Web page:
March 14, 2014

Getting Over The Humps


My good friend sent me a text recently asking me a question and asking that it be the topic of my next blog post.

His question was:

How do we get over the humps that still come up in our lives years after we climbed over the original mountain that brought us to our knees.

I can't promise that what worked for me, will be a custom fit for everyone else, but I'm happy to share my journey and if someone else finds something helpful in it, wonderful!

For me, it took avoiding looking at the "humps."  I only see "humps" when I try to look too far ahead or try to take in every part of an obstacle at once. 

Like climbing a hill, I found when I was constantly focused on how much of the hill was still ahead, each of my steps didn't seem to amount to much.  By keeping my eyes on the single step in front of me, each step mattered.  Occasionally even looking over my shoulders to see how far I'd come brought greater resolution, encouragement, and made each of my steps lighter.

Focusing on what was right in front of me was no easy chore.  Concentrating on one thing at a time is probably one of the hardest things I do daily.  My mind has a mind of it's own with millions of side hobbies.  

When I do get distracted, (Notice I said when instead of if? Yep, it's that hard!) I can easily fall into "all or nothing" thinking. It goes like this..."If I can't do all of this, I might as well not even start."  That's crazy talk.  Doing something is still doing something. No matter how super we are, we can only do well, one thing at a time anyway so why not do that one thing?


I noticed that any time I tried to focus on "completion" instead of "process" I got frustrated and became overwhelmed.  

Completion IS a process.  There's no such thing as insta-healing.  Every time I tried to rush it I ended up back peddling instead.  The moment that overwhelm hit, I became paralyzed and all forward motion came to an abrupt halt.  Even though I'd stopped making progress, I  felt just as exhausted as I would of if I'd been working hard and moving ahead.  I believe the exhaustion came from the emotional beatings I'd heap on myself when I found myself stuck in my own mental mire.

Making a list of what I needed to do each day helped give me focus. 

My "list" was always something manageable.  Checking off what I'd finished gave me small victories that were energizing.  It was hard to feel like a success when I was defining "success" as "all done."  I could be successful in making small accomplishments and by doing that, the huge things were being cut into bite size pieces that in turn helped tackle the huge obstacles.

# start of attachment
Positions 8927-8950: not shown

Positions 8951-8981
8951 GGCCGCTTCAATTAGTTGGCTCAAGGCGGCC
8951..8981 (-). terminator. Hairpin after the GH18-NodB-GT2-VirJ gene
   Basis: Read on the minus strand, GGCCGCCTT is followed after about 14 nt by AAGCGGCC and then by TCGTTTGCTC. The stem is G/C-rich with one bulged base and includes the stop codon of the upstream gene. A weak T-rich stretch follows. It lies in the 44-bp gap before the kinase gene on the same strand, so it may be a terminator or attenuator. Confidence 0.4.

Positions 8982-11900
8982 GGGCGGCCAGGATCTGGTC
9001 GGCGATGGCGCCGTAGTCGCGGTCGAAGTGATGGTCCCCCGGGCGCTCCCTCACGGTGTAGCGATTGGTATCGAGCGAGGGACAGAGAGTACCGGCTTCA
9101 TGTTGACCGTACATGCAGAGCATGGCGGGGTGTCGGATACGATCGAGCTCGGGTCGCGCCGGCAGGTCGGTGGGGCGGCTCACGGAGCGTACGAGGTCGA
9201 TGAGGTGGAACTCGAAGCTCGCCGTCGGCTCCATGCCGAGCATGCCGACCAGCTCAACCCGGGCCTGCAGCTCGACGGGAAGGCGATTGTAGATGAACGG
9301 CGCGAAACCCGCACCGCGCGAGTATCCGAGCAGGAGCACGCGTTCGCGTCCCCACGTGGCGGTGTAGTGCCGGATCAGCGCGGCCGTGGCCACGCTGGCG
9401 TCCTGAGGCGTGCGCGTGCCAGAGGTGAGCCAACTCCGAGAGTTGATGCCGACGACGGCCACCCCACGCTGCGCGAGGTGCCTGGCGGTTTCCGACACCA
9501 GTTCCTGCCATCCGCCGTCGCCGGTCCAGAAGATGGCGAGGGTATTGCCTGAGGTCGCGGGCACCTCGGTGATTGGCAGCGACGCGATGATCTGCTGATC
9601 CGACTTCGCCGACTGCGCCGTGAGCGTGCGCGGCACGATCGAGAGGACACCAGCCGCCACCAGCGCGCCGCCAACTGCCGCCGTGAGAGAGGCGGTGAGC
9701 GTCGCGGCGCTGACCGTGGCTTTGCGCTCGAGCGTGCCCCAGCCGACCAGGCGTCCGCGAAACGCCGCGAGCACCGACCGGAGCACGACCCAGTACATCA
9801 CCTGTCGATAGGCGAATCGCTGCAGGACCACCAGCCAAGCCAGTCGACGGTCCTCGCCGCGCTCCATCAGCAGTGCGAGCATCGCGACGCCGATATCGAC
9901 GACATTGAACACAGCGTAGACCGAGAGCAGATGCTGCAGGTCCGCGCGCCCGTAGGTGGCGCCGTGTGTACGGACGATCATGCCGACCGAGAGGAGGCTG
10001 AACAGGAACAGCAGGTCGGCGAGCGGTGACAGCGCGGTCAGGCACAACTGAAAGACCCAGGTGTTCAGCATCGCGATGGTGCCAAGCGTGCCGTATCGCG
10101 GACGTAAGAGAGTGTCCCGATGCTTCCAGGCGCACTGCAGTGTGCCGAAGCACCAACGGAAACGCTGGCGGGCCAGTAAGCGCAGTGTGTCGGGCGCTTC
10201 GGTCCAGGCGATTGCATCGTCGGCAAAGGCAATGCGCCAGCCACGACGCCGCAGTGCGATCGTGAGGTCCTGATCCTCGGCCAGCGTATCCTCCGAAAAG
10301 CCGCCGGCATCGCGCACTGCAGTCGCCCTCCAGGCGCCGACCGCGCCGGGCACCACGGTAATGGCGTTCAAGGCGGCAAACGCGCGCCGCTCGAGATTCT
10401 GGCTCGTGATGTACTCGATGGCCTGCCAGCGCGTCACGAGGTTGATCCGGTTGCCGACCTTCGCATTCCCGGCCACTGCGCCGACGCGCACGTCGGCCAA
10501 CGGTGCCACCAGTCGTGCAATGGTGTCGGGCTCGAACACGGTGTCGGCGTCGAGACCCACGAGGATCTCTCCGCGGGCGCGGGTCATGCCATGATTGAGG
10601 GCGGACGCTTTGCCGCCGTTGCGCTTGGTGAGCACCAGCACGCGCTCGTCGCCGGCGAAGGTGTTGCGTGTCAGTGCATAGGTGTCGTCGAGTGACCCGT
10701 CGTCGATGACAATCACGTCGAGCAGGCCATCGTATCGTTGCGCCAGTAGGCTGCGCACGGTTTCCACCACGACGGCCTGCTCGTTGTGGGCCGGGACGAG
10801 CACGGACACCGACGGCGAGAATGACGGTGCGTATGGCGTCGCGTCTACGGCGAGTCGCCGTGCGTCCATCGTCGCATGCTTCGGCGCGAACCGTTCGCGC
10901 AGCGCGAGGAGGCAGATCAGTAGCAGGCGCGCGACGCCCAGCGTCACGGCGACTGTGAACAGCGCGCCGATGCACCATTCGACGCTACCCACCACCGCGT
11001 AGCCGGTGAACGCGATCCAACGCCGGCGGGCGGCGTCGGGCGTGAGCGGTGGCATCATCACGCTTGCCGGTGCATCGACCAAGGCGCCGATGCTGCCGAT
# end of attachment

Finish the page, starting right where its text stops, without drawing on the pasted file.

Another breakthrough for me was when I stopped thinking that healing is something that I could one day "finish."  

Healing is a life long process that we get better and better at. The better we get at forgiving, the better we get at healing.  Forgiveness isn't about letting anyone off the hook except ourselves.  We don't have to accept mistreatment as OK to forgive, but we have to accept forgiveness to be OK ourselves.  When we don't forgive we're forced to relive the original pain continuously.  The worst hurts of all are the ones we heap on ourselves by reliving repeatedly the things that are already over.


Staying connected and finding supportive people who  championed my efforts, listened, and encouraged me made all the difference. 

Having my feelings validated, and feeling understood was an amazing process that helped me find self validation. We're all stronger together than we are alone.

The next may be the most important step of all:  Being patient with myself. Healing, digging out of the aftermath, learning new ways of being, each have their own time frame and won't be rushed. Once I gave in to that and allowed myself to take how ever long it took, I felt less self-imposed stress to "hurry up and heal." 

By allowing the process to unfold, focusing on what's was right in front of me, forgiving, staying connected, being patient with myself, and keeping an open heart, the guidance I needed to keep moving forward came.  Not always when I wanted it, but always just as I needed it. I hope the same will be true for you as well.

What steps have worked for you to overcome life's "humps?"




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